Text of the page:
FOR IMMEDIATE RELEASE
Roberta Sklar, firstname.lastname@example.org, +1-917-704-6358
(Geneva, September 30, 2013) Today, human rights organizations submitted a joint shadow report to the United Nations Committee on the Elimination of Discrimination against Women (the Committee). The report titled, From Forced Sterilization to Forced Psychiatry: Violations of the Human Rights of Women with Disabilities and Transgender Persons in Colombia, by fourteen organizations including MADRE, the International Gay and Lesbian Human Rights Commission (IGLHRC), the International Women’s Human Rights (IWHR) Clinic at CUNY School of Law, and a coalition of Colombian organizations which includes PAIIS Law Clinic at the University of Los Andes in Bogota will be considered during the review of the Government of Colombia’s compliance with the Convention on the Elimination of All Forms of Discrimination against Women (CEDAW) to be held at the UN in Geneva on October 2, 2013.
This report addresses four major areas of concern: (1) the negative impact of laws that rob women with disabilities of their right to make informed legal decisions including those related to their sexual and reproductive rights; (2) the persistence of sexual violence and gender-based discrimination in the context of armed conflict; (3) systematic discrimination against transgender people, (4) the lack of access to adequate health care for pregnant women with HIV, women assaulted with chemical agents and transgender people.
The report includes the perspective of individuals who have suffered under these policies, as well as providing an in-depth evaluation of widespread human rights violations.
“Under Colombia’s unrestricted guardianship law, women and girls with disabilities are regularly subjected to surgical sterilization without their informed consent under the guise of a protective measure,” said Lisa Davis, MADRE Human Rights Advocacy Director and Clinical Professor of Law for the International Women’s Human Rights Clinic at CUNY School of Law. “State institutions and, at times, even well-meaning families justify the practice as a means to prevent unwanted pregnancy. While this acknowledges that these women and girls are subject to sexual exploitation, it denies them sexual and reproductive agency. It does nothing to lessen a woman’s vulnerability to rape, sexual harassment, or other forms of sexual violence.”
Additionally, the report illustrates the prevalence of police abuse against transgender individuals. Survivors of such abuse characterize it as aggressive and habitual as well as largely unreported. The report outlines the difficulty transgender people face in accessing gender-affirming healthcare, which often compounds discrimination in accessing education and employment and leaves gender non-conforming people vulnerable to violence.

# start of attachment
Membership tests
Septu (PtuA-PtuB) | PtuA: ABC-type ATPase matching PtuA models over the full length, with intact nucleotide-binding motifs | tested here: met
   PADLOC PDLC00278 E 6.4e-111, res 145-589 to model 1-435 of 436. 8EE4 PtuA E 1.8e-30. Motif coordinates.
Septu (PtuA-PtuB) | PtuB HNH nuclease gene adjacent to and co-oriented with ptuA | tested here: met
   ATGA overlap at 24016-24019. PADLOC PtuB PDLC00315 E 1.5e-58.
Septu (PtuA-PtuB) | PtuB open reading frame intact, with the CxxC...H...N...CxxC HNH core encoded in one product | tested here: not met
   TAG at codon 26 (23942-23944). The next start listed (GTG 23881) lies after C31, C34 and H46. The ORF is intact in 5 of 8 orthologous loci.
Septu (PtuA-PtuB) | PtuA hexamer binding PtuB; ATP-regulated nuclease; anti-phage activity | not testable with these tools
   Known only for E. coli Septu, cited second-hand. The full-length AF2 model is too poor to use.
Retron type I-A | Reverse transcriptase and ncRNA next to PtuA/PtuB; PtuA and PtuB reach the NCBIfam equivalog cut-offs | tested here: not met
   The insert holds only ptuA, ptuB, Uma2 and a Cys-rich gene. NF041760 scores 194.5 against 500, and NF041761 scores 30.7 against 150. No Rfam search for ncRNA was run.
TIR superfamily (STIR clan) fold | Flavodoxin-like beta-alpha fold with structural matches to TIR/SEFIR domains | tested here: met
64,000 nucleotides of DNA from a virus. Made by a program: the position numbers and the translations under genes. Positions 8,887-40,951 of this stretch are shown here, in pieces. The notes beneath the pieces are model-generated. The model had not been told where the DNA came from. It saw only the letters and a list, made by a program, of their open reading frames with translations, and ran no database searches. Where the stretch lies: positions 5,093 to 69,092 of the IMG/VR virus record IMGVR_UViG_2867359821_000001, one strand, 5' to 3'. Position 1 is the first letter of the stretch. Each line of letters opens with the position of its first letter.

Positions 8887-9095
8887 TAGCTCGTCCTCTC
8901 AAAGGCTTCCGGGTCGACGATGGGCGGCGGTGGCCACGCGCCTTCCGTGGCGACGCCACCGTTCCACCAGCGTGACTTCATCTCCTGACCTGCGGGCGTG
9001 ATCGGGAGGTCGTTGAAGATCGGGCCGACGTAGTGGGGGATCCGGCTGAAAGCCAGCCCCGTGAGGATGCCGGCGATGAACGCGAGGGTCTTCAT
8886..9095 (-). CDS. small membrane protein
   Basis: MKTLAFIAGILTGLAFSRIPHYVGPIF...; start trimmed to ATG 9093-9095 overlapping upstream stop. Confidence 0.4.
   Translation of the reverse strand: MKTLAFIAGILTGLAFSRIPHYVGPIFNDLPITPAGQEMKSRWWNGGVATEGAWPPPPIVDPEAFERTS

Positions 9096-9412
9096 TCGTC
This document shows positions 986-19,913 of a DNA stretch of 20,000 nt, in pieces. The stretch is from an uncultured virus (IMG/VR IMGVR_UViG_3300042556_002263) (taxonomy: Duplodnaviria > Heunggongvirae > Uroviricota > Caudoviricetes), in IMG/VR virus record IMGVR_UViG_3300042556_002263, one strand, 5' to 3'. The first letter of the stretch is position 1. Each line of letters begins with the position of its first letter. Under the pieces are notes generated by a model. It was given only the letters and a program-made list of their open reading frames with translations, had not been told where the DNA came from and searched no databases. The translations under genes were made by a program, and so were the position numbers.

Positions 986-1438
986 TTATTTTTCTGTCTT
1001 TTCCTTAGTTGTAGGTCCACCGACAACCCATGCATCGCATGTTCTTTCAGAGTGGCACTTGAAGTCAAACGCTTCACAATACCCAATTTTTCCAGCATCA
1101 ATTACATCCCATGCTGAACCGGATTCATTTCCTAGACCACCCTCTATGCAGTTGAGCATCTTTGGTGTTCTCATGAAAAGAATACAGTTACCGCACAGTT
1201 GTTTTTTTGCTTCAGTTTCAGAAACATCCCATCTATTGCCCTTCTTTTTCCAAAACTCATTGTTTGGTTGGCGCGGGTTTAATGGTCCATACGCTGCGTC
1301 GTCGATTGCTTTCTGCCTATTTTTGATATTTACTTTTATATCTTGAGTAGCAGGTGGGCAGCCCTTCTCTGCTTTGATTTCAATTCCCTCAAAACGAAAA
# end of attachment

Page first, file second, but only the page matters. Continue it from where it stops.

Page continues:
“The Colombian government has failed to recognize, address and resolve persistent human rights violations of transgender people,” said María Mercedes Gómez, Regional Program Coordinator for Latin America and the Caribbean at IGLHRC. “The government continues to require pathologization of transgender people as a condition for accessing the right to health, prevent transgender people from enjoyment of education and employment opportunities by creating obstacles in the civil registration process and issuance of identity documents, and ignore patterns of impunity in cases of murders of trans women in the country, beginning with refusal to officially document the gender identity of the victims.”
“Women with disabilities and pregnant women with HIV are being sterilized without their consent. Transgender persons must be diagnosed with gender dysphoria in order to access basic civil liberties, such as a properly issued government identification. Finally we are seeing a dramatic increase in acid attacks as a form of gender violence,” said Andrea Parra, Director of PAIIS, a human rights clinic in Colombia. “The Colombian government has refused to acknowledge these abuses in its report to the Committee and we want to make sure it’s known.”
The shadow report urges the Committee to recommend that Colombia adopt measures that
(1) Guarantee full legal capacity of women and girls with disabilities with safeguards for supported decision-making; (2) ensure that effective measures are adopted to prevent all forced sterilizations of women and girls with disabilities, including women with HIV; (3) implement policies aimed at eliminating discrimination against transgender persons with regards to their registration and identity documents; and (4) adopt the necessary measures for transgender persons to have access to gender-affirming healthcare, inclusive education and decent work.
Andrea Parra, Director of the Program of Action for Equality and Social Inclusion (PAIIS) at the University of Los Andes School of Law will present remarks from the shadow report to the Committee.
Collaborating organizations that prepared the shadow report include: Asdown Colombia, Entre Transitos, Procrear, Fundamental Colombia, Grupo de Apoyo Transgenerista (GAT), International Gay & Lesbian Human Rights Commission (IGLHRC), MADRE , the International Women’s Human Rights Clinic (IWHR) at CUNY School of Law, Profamilia, Rostros sin Ácido, Sinergias Alianzas Estratégicas para la Salud y el Desarrollo Social, Taller de Vida, and the University of Los Andes through the Alberto Lleras Camargo School of Government and PAIIS, a human rights clinic
Available for Interviews
Andrea Parra, Director of the Program of Action for Equality and Social Inclusion (PAIIS) at the University of Los Andes School of Law (email@example.com)
Lisa Davis, MADRE Human Rights Advocacy Director and Clinical Professor of Law for the International Women’s Human Rights Clinic at CUNY School of Law (firstname.lastname@example.org)
Published on October 1, 2013 | OutRight Action International an LGBT human rights organization